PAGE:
Medication Summit Called 'New Beginning'
A baby step toward progress was how organizers described the two-day International Race Day Medication Summit held June 13-14 at Belmont Park.
No recommendations came out of the industry conference created to educate industry leaders here and abroad about the use of the anti-bleeder medication furosemide in the United States. The U.S. is the only racing jurisdiction in the world that allows race-day use of furosemide, known by the brand name Salix.
“The summit represents a new beginning and a new opportunity to begin a journey,” said Dr. Scott Palmer, racing committee chairman for the American Association of Equine Practitioners. “I sensed a spirit of consensus that our problems are real and medication is one of them. A number of options were proposed and evaluated. We have the opportunity to use this summit as a springboard to develop actions to address these issues.”
The AAEP pulled the summit together in cooperation with the National Thoroughbred Racing Association and the Racing Medication and Testing Consortium.
The next step will be a follow-up meeting in July of the RMTC board, which will take over the lead in the debate and analysis of race-day medication use because it is a consortium of 25 racing industry stakeholders. The RMTC’s mission is to develop and promote uniform medication rules, policies, and testing standards in additional to coordinating research and education programs.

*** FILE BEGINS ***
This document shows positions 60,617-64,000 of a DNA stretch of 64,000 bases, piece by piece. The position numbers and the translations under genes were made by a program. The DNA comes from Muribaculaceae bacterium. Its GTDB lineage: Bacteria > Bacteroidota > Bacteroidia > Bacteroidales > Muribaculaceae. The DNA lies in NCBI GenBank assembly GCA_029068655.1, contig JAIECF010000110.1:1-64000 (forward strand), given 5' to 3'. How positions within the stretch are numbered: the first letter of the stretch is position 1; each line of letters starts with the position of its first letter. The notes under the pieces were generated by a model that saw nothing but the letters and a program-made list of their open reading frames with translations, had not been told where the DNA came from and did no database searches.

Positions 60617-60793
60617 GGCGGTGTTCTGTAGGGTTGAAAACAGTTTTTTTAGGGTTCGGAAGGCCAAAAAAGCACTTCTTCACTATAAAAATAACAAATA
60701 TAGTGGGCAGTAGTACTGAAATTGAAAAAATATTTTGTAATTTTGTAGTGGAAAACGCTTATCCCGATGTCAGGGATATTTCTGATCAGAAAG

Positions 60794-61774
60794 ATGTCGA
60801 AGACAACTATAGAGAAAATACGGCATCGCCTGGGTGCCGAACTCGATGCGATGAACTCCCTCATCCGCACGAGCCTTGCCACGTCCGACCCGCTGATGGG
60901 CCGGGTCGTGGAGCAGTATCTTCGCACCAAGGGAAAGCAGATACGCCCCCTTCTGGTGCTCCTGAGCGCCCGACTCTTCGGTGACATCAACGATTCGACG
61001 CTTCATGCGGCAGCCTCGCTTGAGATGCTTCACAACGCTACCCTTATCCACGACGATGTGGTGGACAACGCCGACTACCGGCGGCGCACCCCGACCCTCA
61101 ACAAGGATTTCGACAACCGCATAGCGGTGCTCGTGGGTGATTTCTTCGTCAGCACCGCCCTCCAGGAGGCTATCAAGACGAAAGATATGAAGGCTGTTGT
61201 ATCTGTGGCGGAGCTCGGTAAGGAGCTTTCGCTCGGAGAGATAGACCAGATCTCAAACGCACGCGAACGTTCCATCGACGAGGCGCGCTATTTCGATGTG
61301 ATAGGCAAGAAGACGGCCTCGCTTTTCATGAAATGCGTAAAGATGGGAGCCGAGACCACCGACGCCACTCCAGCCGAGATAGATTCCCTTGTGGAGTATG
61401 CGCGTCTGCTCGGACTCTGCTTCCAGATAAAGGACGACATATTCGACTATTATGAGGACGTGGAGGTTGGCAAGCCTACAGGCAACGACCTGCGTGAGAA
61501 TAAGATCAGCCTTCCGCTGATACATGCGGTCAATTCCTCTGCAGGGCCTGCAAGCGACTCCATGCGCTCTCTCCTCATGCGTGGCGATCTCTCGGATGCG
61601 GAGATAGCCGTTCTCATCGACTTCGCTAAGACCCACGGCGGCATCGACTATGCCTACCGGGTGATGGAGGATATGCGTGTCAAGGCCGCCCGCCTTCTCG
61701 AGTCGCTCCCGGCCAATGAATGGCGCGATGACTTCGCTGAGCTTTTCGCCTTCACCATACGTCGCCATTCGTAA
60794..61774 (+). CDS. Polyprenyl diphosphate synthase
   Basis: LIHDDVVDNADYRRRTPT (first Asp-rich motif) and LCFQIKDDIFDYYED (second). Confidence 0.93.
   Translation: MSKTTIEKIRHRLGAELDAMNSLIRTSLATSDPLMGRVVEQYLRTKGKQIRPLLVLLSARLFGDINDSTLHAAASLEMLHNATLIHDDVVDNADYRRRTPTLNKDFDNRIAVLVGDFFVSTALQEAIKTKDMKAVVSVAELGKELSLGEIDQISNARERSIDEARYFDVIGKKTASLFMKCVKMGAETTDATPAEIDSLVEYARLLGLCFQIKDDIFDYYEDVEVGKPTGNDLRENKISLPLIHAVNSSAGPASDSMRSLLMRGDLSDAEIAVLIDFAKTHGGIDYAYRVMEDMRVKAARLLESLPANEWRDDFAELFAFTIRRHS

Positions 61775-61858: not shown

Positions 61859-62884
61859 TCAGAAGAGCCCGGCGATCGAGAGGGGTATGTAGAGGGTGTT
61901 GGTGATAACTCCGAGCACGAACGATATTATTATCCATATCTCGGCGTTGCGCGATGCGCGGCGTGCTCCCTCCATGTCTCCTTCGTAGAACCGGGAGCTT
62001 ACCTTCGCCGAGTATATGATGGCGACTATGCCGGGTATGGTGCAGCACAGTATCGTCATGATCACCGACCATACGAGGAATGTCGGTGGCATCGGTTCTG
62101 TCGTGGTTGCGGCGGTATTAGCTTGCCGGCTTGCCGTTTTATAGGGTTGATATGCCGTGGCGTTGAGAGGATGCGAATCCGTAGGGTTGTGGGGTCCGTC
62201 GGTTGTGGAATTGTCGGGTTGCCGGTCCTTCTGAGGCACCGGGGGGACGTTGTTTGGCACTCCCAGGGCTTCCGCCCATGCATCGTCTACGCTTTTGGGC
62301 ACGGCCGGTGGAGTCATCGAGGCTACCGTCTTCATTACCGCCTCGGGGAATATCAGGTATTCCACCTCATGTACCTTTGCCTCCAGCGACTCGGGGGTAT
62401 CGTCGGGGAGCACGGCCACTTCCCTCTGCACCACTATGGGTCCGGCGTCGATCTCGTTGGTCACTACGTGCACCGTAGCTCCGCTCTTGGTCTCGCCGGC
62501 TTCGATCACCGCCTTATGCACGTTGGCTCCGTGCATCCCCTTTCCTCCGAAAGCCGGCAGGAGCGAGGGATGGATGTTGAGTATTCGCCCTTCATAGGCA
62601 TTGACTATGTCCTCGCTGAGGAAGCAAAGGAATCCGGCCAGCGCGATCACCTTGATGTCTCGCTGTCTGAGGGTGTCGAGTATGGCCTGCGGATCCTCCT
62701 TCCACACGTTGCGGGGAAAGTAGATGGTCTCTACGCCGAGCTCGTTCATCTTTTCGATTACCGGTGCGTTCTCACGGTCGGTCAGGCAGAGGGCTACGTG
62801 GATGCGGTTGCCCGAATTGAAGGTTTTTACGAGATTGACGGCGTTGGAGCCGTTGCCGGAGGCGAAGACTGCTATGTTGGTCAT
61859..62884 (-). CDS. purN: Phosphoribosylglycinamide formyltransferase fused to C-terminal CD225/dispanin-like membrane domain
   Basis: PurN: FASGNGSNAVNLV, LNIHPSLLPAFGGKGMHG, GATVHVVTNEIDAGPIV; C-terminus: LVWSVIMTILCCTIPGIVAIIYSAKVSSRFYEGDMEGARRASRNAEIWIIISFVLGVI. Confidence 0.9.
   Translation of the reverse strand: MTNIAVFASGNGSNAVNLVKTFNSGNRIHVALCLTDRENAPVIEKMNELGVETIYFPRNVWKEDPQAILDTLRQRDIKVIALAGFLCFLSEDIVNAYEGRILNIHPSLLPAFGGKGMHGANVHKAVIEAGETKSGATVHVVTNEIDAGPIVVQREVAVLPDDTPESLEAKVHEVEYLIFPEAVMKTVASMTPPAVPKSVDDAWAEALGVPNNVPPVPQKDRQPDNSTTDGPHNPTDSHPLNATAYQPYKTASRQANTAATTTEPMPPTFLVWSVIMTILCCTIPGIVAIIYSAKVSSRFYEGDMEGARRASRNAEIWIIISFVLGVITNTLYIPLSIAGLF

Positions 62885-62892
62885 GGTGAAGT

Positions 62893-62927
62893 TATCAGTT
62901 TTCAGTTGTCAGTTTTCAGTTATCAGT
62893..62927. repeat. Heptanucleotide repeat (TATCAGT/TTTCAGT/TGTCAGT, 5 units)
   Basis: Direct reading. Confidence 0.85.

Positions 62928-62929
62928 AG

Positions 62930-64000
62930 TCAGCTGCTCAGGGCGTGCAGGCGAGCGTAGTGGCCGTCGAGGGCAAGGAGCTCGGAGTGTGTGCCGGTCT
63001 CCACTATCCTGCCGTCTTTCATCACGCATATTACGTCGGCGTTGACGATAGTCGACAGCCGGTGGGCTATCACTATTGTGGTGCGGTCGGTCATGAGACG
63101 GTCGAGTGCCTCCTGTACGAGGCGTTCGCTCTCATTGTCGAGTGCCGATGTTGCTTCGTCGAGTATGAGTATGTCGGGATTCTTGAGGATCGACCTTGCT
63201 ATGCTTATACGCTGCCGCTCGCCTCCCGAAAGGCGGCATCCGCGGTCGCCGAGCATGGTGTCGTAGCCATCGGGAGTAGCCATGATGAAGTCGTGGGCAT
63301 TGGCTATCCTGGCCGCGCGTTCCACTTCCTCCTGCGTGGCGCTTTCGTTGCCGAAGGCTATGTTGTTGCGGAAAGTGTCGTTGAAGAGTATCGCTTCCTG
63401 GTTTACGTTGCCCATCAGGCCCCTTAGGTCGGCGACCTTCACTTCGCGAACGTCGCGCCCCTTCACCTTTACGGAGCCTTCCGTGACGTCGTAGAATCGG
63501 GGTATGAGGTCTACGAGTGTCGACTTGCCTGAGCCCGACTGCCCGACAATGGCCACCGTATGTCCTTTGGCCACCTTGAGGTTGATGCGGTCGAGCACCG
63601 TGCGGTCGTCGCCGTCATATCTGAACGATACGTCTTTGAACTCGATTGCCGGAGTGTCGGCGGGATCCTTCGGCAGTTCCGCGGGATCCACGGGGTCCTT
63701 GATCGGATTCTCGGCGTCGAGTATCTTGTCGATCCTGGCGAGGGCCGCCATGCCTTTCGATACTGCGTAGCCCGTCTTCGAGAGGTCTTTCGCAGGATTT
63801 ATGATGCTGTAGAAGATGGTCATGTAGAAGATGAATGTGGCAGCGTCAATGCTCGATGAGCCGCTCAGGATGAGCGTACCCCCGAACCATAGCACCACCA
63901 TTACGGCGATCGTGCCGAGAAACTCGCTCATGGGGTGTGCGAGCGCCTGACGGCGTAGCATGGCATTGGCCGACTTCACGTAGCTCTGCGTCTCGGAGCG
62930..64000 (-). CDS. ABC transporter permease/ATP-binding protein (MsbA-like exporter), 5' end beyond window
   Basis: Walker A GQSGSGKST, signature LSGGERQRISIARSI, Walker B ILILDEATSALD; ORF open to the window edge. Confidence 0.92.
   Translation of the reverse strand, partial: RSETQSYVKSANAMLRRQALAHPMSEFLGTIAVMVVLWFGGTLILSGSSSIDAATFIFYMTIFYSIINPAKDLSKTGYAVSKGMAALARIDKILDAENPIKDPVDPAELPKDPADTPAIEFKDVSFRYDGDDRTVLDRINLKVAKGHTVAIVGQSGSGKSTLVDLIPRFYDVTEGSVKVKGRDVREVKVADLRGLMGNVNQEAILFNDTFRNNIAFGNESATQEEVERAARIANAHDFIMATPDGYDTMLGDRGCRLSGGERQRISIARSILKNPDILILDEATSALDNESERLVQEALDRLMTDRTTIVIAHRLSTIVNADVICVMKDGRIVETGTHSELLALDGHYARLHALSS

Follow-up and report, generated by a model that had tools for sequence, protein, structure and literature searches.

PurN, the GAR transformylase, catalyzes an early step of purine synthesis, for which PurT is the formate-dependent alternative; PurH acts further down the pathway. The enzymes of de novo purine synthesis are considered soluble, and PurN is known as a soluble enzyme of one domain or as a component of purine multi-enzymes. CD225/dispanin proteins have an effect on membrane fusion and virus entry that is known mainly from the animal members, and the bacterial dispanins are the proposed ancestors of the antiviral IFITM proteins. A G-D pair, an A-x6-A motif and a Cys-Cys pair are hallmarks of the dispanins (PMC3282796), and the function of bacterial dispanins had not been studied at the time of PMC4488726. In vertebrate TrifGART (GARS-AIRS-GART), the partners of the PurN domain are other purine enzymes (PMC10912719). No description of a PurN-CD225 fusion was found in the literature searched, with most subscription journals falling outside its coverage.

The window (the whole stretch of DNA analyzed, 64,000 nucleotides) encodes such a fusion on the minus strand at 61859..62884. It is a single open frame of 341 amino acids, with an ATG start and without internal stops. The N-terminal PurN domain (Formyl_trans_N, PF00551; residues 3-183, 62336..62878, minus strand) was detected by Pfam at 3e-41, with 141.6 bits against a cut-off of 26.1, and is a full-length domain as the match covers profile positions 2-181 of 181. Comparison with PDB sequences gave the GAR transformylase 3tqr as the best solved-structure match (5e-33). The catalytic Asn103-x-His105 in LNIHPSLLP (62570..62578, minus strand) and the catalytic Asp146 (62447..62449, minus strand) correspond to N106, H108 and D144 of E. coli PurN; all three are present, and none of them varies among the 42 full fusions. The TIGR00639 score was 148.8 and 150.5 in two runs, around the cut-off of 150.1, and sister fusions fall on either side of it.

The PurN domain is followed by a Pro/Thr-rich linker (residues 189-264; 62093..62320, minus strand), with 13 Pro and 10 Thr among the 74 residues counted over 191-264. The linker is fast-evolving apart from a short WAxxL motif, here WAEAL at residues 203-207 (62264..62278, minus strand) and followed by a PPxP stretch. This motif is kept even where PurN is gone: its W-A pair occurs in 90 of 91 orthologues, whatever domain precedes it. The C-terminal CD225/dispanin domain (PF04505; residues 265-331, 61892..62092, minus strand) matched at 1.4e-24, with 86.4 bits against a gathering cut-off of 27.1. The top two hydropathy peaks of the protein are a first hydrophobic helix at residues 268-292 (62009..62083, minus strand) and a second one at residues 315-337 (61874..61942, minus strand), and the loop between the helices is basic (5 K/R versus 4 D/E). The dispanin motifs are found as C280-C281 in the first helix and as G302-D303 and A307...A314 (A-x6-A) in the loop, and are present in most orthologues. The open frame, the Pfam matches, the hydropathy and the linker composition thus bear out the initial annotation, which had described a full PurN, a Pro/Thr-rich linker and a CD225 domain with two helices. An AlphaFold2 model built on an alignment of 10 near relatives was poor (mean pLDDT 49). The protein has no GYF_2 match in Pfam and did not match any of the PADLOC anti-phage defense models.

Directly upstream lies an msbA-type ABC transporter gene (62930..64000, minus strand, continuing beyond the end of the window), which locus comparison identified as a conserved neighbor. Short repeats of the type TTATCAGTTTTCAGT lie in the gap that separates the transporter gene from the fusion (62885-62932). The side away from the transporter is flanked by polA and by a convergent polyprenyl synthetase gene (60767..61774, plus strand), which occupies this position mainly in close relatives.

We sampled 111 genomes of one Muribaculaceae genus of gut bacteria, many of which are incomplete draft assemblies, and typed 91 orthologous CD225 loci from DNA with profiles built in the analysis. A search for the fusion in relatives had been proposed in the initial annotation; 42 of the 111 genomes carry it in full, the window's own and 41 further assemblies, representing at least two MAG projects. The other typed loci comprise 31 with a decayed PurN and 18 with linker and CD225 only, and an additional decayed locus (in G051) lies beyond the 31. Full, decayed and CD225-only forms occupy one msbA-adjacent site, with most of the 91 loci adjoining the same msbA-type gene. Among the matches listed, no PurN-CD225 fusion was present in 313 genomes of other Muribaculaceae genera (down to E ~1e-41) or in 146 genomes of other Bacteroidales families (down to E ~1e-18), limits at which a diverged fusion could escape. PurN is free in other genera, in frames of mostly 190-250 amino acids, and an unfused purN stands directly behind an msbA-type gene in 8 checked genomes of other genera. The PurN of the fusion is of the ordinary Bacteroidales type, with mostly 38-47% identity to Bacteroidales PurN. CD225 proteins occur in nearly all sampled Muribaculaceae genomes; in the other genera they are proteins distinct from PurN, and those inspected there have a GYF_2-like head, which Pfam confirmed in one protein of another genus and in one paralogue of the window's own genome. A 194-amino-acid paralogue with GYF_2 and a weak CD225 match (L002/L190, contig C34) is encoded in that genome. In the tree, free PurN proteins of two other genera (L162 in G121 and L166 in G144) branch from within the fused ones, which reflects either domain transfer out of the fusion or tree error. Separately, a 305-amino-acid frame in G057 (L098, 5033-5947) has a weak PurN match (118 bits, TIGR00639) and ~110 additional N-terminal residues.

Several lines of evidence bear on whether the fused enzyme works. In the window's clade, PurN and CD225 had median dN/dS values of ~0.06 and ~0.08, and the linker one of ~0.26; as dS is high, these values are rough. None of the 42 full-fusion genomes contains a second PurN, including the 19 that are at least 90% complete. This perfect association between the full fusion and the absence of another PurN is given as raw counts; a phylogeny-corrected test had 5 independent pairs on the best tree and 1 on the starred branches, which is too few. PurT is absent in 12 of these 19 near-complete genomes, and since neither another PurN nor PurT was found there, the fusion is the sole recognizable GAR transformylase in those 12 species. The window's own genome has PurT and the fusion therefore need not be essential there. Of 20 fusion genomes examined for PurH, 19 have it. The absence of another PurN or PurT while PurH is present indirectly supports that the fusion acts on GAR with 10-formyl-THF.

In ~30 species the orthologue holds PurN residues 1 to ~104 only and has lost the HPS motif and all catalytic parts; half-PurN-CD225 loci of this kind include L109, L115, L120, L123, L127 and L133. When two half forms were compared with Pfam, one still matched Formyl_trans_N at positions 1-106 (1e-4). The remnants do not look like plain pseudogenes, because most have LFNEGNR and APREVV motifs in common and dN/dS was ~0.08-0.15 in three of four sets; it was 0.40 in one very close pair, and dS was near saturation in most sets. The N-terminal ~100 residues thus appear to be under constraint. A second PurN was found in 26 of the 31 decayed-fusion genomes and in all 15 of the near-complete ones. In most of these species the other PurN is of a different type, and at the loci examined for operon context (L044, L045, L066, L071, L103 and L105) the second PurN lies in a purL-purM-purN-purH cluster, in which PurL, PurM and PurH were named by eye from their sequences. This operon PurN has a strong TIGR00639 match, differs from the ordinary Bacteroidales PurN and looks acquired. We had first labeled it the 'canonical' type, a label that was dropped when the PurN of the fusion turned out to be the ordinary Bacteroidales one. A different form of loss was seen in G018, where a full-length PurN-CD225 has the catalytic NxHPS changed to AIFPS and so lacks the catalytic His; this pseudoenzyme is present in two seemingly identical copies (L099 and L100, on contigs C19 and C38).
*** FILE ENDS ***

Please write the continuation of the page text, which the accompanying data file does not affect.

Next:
No firm direction exists yet on how the issue of race-day medication should proceed, nor is there what can be defined as real consensus on any specific issues.
“I think consensus is probably too strong a word right now,” said Alex Waldrop, president and chief executive officer of the NTRA. “I would say we identified broad areas of interest that have to do with administration options with Salix, securities, penalties, education, and research. We are going to be asking for additional background information in preparation for our July meeting, come back with the new information, and dig into the information we learned on day one. Then we’ll see which way to go.”
The first day of the session was packed with presentations from veterinarians, researchers, international racing executives, and trainers.
Researchers showed Salix was clearly the most effective medication availablefor controlling and minimizing bleeding. Testimonials from racing executives, veterinarians, and trainers from overseas, however, also showed how they successful manage and race horses identified as bleeders without the option of using the medication on race day.
In some countries, Salix is allowed to be used while training, but Hong Kong does not allow the use of furosemide in either training or racing.
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